The district had been projecting about a $3.4 million deficit in its fiscal year 2013 budget, but now is looking at having a bit of extra money to spend, thanks to a few boosts in funding — $1.75 million in one-time capital funding in the governor’s budget, and changes from the Legislature in the state’s education “Foundation Formula.” The Legislature changed the formula for figuring how much local governments could contribute to their school district, which lowered the amount the Kenai Peninsula Borough could provide to the district by about $2.7 million. However, the Legislature committed the state to making up that difference in funding.
The district also stands to get a four-year increase of about $413,000 in state funding for career and technical education targeting seventh and eighth grades, and a boost in transportation money. In all, the district is looking at coming out $953,251 ahead in its general fund for fiscal year 2013, before negotiations are settled and pending the governor signing off on the state budget.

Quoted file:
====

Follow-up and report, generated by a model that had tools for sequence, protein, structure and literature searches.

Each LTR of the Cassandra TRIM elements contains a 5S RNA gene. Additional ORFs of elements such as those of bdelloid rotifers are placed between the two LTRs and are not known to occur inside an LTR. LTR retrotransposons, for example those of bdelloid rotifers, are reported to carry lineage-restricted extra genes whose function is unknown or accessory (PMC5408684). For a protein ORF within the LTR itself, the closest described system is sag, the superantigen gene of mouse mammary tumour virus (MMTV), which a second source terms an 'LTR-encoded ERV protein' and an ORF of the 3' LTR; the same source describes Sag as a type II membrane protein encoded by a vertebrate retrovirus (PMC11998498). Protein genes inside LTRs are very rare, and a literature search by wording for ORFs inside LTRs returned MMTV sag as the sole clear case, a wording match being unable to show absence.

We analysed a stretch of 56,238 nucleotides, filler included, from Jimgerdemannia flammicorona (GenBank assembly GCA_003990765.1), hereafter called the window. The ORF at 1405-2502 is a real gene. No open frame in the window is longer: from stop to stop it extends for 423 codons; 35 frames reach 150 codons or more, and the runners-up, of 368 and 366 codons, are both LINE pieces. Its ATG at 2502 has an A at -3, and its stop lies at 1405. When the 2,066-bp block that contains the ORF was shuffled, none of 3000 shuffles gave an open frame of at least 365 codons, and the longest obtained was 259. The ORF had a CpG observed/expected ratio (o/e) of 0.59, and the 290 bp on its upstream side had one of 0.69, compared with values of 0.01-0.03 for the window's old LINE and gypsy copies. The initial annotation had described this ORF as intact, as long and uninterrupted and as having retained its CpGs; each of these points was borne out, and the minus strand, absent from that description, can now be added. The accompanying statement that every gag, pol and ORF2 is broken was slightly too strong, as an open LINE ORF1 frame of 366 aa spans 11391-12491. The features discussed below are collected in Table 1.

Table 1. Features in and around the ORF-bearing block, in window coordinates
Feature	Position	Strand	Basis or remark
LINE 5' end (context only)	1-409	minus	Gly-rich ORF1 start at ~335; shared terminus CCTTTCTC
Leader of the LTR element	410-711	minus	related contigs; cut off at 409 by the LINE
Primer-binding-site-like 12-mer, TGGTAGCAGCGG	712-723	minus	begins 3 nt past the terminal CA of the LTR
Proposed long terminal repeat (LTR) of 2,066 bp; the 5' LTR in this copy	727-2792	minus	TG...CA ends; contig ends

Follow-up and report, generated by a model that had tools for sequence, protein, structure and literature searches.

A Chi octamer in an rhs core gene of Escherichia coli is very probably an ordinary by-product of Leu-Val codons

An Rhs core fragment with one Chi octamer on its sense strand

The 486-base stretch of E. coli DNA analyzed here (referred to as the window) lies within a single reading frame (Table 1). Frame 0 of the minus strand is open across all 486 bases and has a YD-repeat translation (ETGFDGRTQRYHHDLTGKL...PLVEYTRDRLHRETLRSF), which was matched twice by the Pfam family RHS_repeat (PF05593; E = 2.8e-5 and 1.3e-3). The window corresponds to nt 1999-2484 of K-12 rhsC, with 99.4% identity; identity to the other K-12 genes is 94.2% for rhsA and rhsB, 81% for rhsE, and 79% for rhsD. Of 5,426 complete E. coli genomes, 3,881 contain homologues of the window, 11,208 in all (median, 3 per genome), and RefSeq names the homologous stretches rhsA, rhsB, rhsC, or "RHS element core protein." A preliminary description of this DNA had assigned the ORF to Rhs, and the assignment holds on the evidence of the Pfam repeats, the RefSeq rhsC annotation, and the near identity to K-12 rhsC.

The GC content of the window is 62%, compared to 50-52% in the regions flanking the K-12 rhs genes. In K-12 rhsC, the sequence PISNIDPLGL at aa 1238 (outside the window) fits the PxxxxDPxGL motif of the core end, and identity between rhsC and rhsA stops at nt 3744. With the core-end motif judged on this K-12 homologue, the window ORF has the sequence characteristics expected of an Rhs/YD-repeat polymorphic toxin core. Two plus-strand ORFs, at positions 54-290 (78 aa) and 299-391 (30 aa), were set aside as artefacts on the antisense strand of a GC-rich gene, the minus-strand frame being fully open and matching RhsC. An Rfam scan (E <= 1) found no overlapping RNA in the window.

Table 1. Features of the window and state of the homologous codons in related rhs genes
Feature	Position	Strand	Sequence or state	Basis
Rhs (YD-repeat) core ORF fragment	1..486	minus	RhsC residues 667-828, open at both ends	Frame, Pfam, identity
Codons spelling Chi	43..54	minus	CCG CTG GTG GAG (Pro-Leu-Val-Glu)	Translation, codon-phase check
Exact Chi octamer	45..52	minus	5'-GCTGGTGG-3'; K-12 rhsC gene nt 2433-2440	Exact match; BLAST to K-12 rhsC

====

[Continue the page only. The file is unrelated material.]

Additionally, last year the district dug $750,000 out of its general fund budget to cover a shortfall in the transportation account when busing costs with provider First Student came in higher than anticipated. The Legislature increased pupil transportation funding for 2013 to the point where it will cover the costs of the district’s new contract with First Student. The Legislature also designated $750,000 to reimburse the district for the shortfall in this current school year.
Since the district no longer has to spend money from its general fund on transportation, it has some extra money in the budget for the current fiscal year. That’s where the money is coming from for the new offers in negotiations.
“Because of the funding by the Legislature, we will no longer need to do that transfer, that means we now have $750,000 that we did not expect to have in the general fund, that has allowed us to offer some items in mediation and negotiations that we ordinarily wouldn’t have been able to,” Jones said during a school board meeting Monday in Seward.
Druce cited the increase in state funding, the current budget surplus projected for fiscal year 2013 and the return of the transportation money this year as an indication the district has some financial leeway to use in negotiations.
“These things suggesting, at least in our opinion, the district has money to put toward our proposal,” she said.